In addition to major differences in daily life, there have been significant changes across the lifespan when comparing the modern US lifestyle to our hunter-gatherer ancestors. For example, the family structure typically consisted of parents and grandparents working together to care for and teach children and young adolescents crucial survival and professional skills. In contrast, presently, in the US, the cost of childcare and post-secondary education is sky-rocketing and out of reach for those lacking financial resources and familial support.

Moreover, activities such as play, art, music, and literature were valued and made time for in hunter-gatherer societies. In the US, having the time to engage in these activities is considered a luxury. No US laws mandate vacation time, and federal holidays do not mandate payment. While some individuals are privileged enough to have jobs that provide paid time off, 13 million U.S. workers hold more than one job to survive, and 25% of U.S. workers in the private sector do not receive any paid time off. These individuals are the most stressed and have the lowest income, negatively impacting child development like slower brain growth.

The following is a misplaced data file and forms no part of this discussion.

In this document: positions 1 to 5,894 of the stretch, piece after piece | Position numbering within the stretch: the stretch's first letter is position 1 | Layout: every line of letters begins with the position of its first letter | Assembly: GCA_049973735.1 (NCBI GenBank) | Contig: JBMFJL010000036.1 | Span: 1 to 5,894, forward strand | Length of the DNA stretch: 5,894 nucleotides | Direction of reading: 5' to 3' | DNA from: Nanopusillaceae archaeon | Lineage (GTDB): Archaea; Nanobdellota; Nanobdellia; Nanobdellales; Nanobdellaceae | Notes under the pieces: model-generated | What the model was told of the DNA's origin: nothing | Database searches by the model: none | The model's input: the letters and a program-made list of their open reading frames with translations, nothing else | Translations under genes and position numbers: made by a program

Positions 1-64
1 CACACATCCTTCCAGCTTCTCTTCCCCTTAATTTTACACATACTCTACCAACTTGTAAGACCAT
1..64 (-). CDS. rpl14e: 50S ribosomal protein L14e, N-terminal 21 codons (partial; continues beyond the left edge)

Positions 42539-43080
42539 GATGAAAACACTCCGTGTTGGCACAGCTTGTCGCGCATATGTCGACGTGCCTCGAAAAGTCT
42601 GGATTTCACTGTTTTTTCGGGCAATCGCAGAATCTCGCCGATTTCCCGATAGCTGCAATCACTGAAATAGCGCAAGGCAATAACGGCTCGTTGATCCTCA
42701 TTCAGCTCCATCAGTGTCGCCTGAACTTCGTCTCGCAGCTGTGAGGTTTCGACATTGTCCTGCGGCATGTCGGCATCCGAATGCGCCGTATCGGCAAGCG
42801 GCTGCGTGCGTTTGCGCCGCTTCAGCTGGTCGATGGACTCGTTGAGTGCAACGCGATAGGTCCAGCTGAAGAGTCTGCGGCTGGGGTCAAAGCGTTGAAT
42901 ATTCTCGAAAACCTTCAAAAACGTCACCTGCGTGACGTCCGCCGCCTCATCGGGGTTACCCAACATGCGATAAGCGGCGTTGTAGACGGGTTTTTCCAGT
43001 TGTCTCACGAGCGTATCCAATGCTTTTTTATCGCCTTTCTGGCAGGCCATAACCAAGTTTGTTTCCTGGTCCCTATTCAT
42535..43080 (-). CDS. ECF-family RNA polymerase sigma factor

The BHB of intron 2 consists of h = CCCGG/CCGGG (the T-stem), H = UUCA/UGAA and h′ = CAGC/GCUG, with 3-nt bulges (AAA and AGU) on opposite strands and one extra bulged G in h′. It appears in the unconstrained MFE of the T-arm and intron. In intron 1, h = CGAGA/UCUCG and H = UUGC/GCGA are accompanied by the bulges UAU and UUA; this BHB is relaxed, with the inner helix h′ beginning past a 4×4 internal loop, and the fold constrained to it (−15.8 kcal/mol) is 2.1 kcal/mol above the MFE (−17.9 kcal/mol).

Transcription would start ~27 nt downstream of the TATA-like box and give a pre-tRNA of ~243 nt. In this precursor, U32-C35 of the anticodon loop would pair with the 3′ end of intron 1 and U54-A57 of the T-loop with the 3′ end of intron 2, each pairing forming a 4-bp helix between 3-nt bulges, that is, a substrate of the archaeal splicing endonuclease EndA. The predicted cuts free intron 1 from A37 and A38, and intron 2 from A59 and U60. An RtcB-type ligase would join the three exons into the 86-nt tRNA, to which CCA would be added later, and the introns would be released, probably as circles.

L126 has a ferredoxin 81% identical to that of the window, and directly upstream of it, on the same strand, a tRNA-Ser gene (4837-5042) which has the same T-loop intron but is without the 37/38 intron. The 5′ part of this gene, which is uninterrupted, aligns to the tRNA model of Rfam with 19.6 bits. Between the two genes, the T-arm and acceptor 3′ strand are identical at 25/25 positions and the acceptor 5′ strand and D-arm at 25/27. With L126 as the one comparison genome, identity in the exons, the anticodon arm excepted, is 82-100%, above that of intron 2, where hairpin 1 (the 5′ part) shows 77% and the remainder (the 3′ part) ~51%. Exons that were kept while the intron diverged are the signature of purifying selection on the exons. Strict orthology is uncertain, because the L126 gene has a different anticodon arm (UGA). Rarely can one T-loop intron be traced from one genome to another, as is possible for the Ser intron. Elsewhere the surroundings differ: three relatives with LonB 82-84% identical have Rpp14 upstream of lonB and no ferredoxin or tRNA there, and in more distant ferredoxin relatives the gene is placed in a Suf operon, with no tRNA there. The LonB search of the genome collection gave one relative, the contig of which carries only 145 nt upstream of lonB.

How do we begin to address these issues in the US to allow for more support, which would reduce the mortality rate? The authors point to 16 industrialized, wealthy nations, including Japan, New Zealand, Canada, and Portugal, as holding potential answers.

They highlight how all 16 nations support prenatal and maternal care, including mandated maternal leave, which does not exist in the US. The 13 European nations included by the authors all provide access to affordable preschool and higher education. Public school education in these countries is funded at the national level as opposed to local property taxes, leading to fewer issues with school inequalities as are present in the US.

In addition, all 16 nations have affordable health care and mandate an average of 30 days of paid time off, allowing for a better balance between work and leisure time. The individuals in these nations benefit from the support provided, as research shows they are leaner, more energetic, and struggle less with addiction and suicide. Overall, investing in social services has improved health outcomes, including increasing life expectancy.